I had an outpatient procedure today to check for cancer in my bladder and the upper urinary tract. A molecular text came back with high markers last week, and I could tell by my doctor’s voice that he was worried.
He and I are well matched. He’s a vigilant type, although much lighter hearted and lower key than I have ever been. Neither of us could have rested without the full-on cystoscopy with dye and x-rays.
Docs give the results to families in the waiting room while patients try to climb through the fog of anesthesia, but my husband told him that I needed to talk to to him or I’d never be at peace.
So there I am in recovery, surrounded by sick to critically ill people, nurses and aides and docs milling around talking about what all of us talk about. One guy was explaining to another how to establish residency in another state for college tuition.
All I can think about is cancer. The first time I was ever in that room I woke up to an 8 x 10 photo of a tumor being crammed in my face, the louse of a doctor telling me, “See, I told you you had cancer.”
But this doctor is different. He looks like Chris Pratt, for one thing. And, for another, I trust him to my core.
“You’re all clear,” he said. His relief was palpable. His confidence complete. Not a furrowed brow. Just a slight smile and the business like face of a man who had somewhere else to go.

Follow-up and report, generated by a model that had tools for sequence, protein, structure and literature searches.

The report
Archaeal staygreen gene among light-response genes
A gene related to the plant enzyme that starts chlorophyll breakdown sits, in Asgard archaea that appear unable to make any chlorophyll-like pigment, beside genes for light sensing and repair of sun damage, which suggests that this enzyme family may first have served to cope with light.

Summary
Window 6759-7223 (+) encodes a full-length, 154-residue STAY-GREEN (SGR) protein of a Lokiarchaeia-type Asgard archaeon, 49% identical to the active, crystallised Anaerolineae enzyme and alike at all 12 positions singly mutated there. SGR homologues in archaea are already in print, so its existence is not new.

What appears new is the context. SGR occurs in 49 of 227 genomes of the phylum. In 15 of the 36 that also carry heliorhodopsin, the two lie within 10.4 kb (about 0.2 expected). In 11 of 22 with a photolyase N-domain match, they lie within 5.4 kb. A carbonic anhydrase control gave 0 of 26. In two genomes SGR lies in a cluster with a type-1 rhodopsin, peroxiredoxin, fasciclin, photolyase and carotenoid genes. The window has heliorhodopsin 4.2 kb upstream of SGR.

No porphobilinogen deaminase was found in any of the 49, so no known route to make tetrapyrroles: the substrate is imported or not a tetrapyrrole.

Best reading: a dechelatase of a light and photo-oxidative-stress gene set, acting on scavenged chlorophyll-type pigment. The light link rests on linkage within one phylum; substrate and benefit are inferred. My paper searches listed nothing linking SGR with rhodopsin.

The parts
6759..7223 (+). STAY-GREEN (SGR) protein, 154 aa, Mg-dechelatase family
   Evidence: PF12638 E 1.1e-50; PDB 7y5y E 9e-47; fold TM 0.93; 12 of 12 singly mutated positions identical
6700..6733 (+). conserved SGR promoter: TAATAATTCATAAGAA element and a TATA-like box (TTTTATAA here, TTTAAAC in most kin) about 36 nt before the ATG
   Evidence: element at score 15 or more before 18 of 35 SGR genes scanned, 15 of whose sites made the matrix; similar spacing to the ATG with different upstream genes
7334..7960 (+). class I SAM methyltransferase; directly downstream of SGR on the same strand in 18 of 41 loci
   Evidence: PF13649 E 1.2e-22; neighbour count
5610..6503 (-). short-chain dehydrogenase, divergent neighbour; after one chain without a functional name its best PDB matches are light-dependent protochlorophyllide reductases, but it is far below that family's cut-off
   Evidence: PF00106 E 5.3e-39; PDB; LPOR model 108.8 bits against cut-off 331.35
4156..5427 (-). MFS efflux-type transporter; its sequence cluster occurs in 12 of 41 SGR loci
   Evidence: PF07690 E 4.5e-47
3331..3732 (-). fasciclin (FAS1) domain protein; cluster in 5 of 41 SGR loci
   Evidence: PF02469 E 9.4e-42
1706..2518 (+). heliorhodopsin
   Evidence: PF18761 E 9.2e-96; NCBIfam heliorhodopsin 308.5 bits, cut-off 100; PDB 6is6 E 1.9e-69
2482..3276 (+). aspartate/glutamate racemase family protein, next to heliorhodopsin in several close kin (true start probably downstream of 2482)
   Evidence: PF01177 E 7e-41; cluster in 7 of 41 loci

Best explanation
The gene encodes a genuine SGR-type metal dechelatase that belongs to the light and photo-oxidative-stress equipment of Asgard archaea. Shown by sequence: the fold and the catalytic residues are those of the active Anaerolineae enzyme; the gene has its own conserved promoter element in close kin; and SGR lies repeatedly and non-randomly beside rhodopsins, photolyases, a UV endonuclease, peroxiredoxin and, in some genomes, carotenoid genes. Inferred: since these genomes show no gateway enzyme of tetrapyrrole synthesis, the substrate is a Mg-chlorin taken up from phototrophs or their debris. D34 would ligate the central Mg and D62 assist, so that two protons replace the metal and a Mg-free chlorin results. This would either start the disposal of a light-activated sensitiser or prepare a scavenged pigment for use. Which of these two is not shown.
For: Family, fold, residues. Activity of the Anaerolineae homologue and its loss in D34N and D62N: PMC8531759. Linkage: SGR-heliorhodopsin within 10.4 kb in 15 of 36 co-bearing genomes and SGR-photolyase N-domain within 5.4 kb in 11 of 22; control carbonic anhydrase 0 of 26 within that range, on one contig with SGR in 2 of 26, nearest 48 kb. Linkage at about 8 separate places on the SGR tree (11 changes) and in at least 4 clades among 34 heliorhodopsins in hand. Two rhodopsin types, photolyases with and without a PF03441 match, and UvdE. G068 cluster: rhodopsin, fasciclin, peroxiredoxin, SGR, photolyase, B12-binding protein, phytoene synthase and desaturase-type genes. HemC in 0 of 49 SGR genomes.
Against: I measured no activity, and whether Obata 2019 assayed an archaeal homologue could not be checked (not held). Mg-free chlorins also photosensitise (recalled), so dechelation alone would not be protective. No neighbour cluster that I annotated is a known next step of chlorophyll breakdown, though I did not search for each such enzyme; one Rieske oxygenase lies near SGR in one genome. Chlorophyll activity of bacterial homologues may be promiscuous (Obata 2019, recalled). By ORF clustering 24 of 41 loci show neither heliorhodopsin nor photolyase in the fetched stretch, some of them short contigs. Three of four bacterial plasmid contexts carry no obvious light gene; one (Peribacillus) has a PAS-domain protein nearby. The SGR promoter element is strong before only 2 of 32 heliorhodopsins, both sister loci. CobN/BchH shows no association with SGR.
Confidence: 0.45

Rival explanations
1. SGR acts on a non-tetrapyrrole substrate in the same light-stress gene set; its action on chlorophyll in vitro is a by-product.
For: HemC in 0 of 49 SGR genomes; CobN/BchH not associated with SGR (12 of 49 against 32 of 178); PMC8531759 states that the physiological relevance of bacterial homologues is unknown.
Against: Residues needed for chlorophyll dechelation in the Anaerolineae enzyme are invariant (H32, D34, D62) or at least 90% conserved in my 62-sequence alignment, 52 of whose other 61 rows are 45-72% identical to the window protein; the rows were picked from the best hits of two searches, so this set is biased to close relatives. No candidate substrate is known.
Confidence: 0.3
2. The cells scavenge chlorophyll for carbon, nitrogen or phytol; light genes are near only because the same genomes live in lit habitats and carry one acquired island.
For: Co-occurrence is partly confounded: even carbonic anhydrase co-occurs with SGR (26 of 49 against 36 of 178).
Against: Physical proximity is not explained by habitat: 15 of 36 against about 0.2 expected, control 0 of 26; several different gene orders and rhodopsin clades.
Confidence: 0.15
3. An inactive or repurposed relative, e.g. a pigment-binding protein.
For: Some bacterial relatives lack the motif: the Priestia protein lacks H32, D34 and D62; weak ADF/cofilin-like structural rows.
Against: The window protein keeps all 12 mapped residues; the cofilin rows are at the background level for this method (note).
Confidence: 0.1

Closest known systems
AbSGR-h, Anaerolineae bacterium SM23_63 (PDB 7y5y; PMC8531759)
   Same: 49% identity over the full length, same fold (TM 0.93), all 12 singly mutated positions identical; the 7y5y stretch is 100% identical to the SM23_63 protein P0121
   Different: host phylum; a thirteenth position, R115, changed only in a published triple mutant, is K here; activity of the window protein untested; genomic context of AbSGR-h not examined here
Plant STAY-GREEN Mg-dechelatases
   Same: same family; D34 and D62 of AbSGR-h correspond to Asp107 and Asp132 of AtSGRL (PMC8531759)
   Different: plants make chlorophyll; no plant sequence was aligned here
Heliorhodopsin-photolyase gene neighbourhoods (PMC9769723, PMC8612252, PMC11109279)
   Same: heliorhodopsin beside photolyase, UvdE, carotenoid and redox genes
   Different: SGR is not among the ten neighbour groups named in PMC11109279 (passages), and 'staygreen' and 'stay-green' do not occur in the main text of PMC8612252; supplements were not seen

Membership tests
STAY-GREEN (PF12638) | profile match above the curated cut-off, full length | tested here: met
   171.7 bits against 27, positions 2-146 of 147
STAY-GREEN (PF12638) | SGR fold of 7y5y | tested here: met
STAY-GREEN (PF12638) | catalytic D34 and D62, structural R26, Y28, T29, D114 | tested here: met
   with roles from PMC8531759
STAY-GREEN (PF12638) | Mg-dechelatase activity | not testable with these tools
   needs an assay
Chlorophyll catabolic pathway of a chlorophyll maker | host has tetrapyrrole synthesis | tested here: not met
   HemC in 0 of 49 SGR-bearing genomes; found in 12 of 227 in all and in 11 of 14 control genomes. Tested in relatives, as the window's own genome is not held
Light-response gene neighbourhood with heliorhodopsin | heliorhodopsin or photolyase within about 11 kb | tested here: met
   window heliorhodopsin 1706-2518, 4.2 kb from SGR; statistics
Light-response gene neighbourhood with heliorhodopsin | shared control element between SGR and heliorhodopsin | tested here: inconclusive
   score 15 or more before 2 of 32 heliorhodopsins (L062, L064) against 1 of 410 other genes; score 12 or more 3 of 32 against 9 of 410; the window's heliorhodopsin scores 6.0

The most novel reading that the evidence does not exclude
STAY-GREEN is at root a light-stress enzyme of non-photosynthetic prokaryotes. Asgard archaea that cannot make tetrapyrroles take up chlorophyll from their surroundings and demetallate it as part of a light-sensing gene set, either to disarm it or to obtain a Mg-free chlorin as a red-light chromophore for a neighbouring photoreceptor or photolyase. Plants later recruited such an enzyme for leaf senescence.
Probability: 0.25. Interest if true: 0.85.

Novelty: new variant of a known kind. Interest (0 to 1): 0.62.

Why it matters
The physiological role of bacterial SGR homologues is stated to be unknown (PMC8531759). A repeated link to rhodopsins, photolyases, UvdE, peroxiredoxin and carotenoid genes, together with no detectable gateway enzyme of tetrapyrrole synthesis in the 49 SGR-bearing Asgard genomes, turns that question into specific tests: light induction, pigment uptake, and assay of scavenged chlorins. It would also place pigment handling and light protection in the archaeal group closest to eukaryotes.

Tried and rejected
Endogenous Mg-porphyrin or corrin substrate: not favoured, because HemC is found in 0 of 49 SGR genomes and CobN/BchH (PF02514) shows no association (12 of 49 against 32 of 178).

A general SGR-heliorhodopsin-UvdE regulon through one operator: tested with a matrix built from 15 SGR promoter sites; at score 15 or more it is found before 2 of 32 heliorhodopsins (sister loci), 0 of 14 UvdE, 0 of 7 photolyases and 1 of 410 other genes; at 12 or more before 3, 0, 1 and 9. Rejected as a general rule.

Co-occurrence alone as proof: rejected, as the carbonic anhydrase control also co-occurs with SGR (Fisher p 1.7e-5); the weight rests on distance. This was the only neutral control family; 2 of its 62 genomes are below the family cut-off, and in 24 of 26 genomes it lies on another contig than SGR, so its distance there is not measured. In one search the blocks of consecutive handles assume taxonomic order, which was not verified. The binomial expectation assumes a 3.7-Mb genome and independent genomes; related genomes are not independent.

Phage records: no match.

He didn’t have to come back to the recovery room and talk to me. But my husband’s right. I would only fully accept the news directly from him.
I’m out of the woods. I’m in the clear. I’m NED. No recurrence. Back to a state of grace.
One thing about me is sure. I have absolutely no faith in the world, no confidence in health, no sense that I am safe from harm. I suspect some people get that feeling back eventually, but I don’t know if I’ll ever be one of them.
I promise that I’m working on it, trying not to pre-live all the bad news the world might bring. I try to not imagine being on my knees in defeat.
All I’m saying is that it’s hard to do. A friend in my group has just been diagnosed with her fifth cancer. A former student has just learned that her Stage 4 cancer has progressed. The man next to me in recovery was intubated and on his way to ICU.
Leonard Cohen’s voice, the voice of god, sings “Behold the gates of mercy / In arbitrary space / And none of us deserving / The cruelty or the grace / O solitude of longing / Where love has been confined / Come healing of the body / Come healing of the mind.”
I am so keenly aware that I do not deserve this grace, this mercy. But tonight the relief has set me free.
I’m going to lean back into the arms of the universe and be thankful that this time it was good news.
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